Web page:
About 77 percent of Americans owned smartphones as of the latest Pew Research. Meanwhile, 95 percent of Americans own some type of cell phone. With the prices of smartphones dropping, it’s only a (short) matter of time before that number goes up. But are these tools serving us, or are they beginning to control us?
New research indicates we might have a problem “Are Cell Phones Safe?”. Whether it’s a smartphone or not, these devices pose several dangers, both physical and mental. Also, the cell phone security risks remain as well.
First, wandering around with your face in a device means you’re not paying attention to the world around you. According to the Centers for Disease Control and Prevention (CDC), phone use is partially to blame for the distracted driving, which kills around nine people each day. Pew reports that nearly half of U.S. adults admit reading or sending a text message while driving. The National Safety Council (NSC) says 26 percent of car accidents are caused by cell phone use. Pedestrians are also struggling, with many walking into a “Don’t Walk” crosswalk due to device distraction.
The light emitting from our devices has also been linked to struggles with sleep, interfering with our melatonin production. And you may have heard of text neck, that pain you get from the poor posture most of us adopt while reading our phones.
Cell phones themselves are often blamed for an increase in brain cancer rates, though many studies show no such correlation. That didn’t stop California from issuing guidelines around cell phone use, encouraging people to text more than talk. (Read more on how to reduce your radiation exposure).
Mental health is an increasing concern. Of smartphone owners, 46 percent said they “couldn’t live without” the device and it’s often the first thing people grab upon waking up. A study released in 2016 by a researcher at the University of Illinois found mobile devices linked to depression. “People who self-described as having really addictive-style behaviors toward the Internet and cellphones scored much higher on depression and anxiety scales,” the researcher said. While he concedes more study is needed, other recent studies are demonstrating that it might be possible to be addicted to your smartphone.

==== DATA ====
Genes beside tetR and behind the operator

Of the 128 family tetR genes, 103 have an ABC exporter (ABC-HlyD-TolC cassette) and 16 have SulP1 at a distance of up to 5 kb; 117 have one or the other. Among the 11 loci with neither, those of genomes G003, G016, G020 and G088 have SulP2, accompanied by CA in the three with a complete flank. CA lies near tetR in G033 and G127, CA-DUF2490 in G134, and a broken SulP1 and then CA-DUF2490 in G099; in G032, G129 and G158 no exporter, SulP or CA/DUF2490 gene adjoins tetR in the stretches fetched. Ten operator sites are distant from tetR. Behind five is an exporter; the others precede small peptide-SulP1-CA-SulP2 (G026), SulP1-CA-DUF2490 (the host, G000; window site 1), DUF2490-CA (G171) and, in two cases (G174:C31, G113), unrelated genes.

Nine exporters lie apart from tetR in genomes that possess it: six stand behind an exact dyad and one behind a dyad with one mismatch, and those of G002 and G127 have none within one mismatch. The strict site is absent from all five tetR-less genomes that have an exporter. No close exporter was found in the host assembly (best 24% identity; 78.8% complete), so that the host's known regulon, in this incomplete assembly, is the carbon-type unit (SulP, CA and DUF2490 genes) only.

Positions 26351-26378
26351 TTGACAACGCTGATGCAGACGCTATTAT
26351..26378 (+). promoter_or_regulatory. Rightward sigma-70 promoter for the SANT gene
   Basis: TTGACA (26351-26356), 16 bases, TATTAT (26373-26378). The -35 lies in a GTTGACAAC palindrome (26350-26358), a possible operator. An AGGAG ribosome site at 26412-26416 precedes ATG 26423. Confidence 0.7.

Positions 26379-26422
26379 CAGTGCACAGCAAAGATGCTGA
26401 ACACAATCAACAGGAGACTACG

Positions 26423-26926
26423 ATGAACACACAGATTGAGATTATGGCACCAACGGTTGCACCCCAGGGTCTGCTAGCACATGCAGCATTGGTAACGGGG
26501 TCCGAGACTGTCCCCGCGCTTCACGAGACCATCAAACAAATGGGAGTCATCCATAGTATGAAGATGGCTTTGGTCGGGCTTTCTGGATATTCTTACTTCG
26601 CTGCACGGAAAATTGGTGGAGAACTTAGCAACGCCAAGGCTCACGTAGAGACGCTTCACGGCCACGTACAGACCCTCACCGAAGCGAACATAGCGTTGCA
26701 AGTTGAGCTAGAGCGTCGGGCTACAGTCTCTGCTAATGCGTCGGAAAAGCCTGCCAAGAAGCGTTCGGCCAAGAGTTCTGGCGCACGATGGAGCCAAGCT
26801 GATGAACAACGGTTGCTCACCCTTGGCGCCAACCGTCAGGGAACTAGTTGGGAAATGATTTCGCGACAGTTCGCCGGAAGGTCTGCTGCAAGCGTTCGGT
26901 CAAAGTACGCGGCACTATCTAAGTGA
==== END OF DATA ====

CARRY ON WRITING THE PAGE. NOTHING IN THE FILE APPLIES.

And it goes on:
Nomophobia is the new term for this, meaning “NO MOBILE PHONE PHOBIA.” There is even an online quiz to help you determine if you suffer from this problem. One small study indicates this addiction might lower executive functions, making it harder for people to focus on one task for long.
Some note that technology is changing our ability to empathize, making it harder for us to read facial expressions. We also have far less downtime to connect with our thoughts without the phone as a distraction. Phones might even be making us more rude, with most of us using them during events, movies, or at church — and even the bathroom. (Ew.)
It’s not just our health causing concern. As more of us rely on devices to manage our money, shop online, and control our homes, we run the risk of identity theft and other security problems. Many of these risks are linked to newer IoT devices, though manufacturers are beginning to make changes to make such things more secure.
Smartphones aren’t all bad. For some people, it’s the only or primary way to access the Internet. According to Pew, 12 percent of U.S. adults were “smartphone-only” internet users in 2016. “One-in-five adults whose annual household income falls below $30,000 are smartphone-only internet users, compared with only 4 percent of those living in households earning $100,000 or more.”
These devices might also be useful in protecting our health. Many people rely on smartphone apps and Fitbit or similar devices to make sure they reach 10,000 steps per day. Smartphone apps can also help you count your calorie intake and discover whether you are getting enough sleep. Researchers are also working on ways for our devices to warn of depression or monitor those with bipolar disorder.
A smartphone is a tool. Whether your device controls you or not depends on how you use it. Researchers say even those who are truly addicted have benefited from therapy and once that treatment is complete, brain scans show an improved cognitive function. For the rest of us, the key is to take a break. Health experts recommend turning the phone off during meetings, during family dinners, and at night, at least an hour before you go to sleep. Make time to turn off your phone or put it away for social interactions with friends and family. That way, your device becomes a tool that serves you, not the other way around.
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